Thursday, December 08, 2011

Book Review: The Preacher's Portrait

It's always good to engage in some reflective practice, to take time out and think - how am I getting on? It's also good to continue to be learning and growing in understanding of the task at hand. One of the books I read recently was an excellent resource at both teaching and encouraging reflection, and particularly fitting in the aftermath of the passing of 'Uncle John.'

In The Preacher's Portrait, John Stott takes five word pictures or illustrations of the gospel minister's task and expounds them from the associated Scriptures. In this volume, he considers the preacher as a steward, a herald, a witness, a father, and a servant. Now perhaps as you hear those words your mind starts buzzing with the concepts and insights - Stott goes farther.

With good, clear, Bible teaching, he takes the reader through the passages in which the description is found, showing each in its original context. As you can expect with Stott, he is thorough in his teaching, and helpful in his illustrations. Each chapter comes to a close with some application to the preacher's situation, and how it will impact on our ministry, in whatever context or situation we find ourselves in.

There was just one section where I didn't follow his argument and wasn't convinced, but that's ok - we don't have to and won't always agree with Stott or any other Bible teacher, as we're both sinful and can get things wrong (either the writer or the reader!). He seemed to apply the picture of the preacher as a witness (i.e. the preacher's experience and humility) too directly, without first considering the original apostles as the witnesses, to whom we point, using what they have witnessed and testified to as the basis of our appeal, rather than our own personal witness and experience of God's grace (important though that undoubtedly is for a preacher).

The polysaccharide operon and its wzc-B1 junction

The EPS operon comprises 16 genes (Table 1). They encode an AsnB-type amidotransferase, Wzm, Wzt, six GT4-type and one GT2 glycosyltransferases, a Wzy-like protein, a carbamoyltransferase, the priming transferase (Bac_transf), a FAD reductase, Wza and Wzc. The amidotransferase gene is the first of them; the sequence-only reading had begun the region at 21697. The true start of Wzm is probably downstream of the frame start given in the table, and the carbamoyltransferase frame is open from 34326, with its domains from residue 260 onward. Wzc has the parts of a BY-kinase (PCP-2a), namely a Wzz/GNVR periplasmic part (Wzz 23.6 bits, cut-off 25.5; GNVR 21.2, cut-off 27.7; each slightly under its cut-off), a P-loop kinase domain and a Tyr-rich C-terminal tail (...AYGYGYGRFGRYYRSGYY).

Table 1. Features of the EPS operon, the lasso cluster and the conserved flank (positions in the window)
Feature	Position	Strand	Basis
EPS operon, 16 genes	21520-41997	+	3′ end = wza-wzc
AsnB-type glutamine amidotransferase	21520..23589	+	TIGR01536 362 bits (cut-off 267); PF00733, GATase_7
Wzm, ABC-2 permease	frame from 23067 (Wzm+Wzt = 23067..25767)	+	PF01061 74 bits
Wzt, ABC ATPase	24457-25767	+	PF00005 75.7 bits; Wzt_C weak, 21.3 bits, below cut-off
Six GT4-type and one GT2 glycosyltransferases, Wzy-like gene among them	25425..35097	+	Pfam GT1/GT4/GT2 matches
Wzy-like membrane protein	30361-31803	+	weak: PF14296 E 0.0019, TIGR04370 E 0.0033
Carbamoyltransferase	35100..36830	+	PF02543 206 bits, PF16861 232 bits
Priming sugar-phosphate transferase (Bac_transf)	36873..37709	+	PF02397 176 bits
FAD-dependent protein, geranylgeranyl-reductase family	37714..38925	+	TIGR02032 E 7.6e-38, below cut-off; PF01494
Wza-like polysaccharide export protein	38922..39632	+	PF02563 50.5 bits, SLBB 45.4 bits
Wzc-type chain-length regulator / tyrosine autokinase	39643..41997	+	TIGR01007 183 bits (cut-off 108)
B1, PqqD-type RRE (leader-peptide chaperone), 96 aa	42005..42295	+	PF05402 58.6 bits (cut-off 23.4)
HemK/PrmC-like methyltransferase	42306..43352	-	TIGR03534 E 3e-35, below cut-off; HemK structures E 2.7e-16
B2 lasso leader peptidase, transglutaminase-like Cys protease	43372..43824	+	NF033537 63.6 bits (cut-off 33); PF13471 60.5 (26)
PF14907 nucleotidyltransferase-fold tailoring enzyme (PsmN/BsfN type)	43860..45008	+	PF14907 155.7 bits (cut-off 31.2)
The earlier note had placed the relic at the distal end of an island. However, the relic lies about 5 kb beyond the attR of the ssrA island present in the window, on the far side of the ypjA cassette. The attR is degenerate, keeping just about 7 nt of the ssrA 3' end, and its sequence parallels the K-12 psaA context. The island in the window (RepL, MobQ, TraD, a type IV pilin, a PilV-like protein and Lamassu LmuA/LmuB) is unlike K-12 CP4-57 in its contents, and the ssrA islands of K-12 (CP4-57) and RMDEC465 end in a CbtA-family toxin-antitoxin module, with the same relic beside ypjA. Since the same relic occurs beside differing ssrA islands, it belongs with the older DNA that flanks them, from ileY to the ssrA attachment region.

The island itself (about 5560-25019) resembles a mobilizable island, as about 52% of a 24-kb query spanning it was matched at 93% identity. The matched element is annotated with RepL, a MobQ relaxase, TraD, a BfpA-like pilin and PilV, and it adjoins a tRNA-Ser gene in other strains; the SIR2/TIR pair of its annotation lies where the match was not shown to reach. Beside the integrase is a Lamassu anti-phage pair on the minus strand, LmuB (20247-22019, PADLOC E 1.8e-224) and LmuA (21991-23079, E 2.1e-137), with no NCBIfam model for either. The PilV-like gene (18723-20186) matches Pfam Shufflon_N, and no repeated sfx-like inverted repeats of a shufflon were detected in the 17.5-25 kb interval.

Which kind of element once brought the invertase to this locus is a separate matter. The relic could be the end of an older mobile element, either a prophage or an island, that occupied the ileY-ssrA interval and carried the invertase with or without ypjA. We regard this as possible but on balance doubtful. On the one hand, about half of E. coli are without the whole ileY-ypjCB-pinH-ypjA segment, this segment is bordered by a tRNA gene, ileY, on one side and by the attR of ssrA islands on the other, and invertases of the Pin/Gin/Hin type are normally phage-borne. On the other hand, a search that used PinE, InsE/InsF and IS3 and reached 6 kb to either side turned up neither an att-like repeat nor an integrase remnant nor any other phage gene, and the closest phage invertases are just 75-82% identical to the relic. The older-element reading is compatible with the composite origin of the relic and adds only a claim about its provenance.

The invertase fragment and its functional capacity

Nevertheless, this is a useful book for those in ministry, and would be a good read for a study day / retreat / time out to rethink the call to ministry and the biblical images of the preacher.

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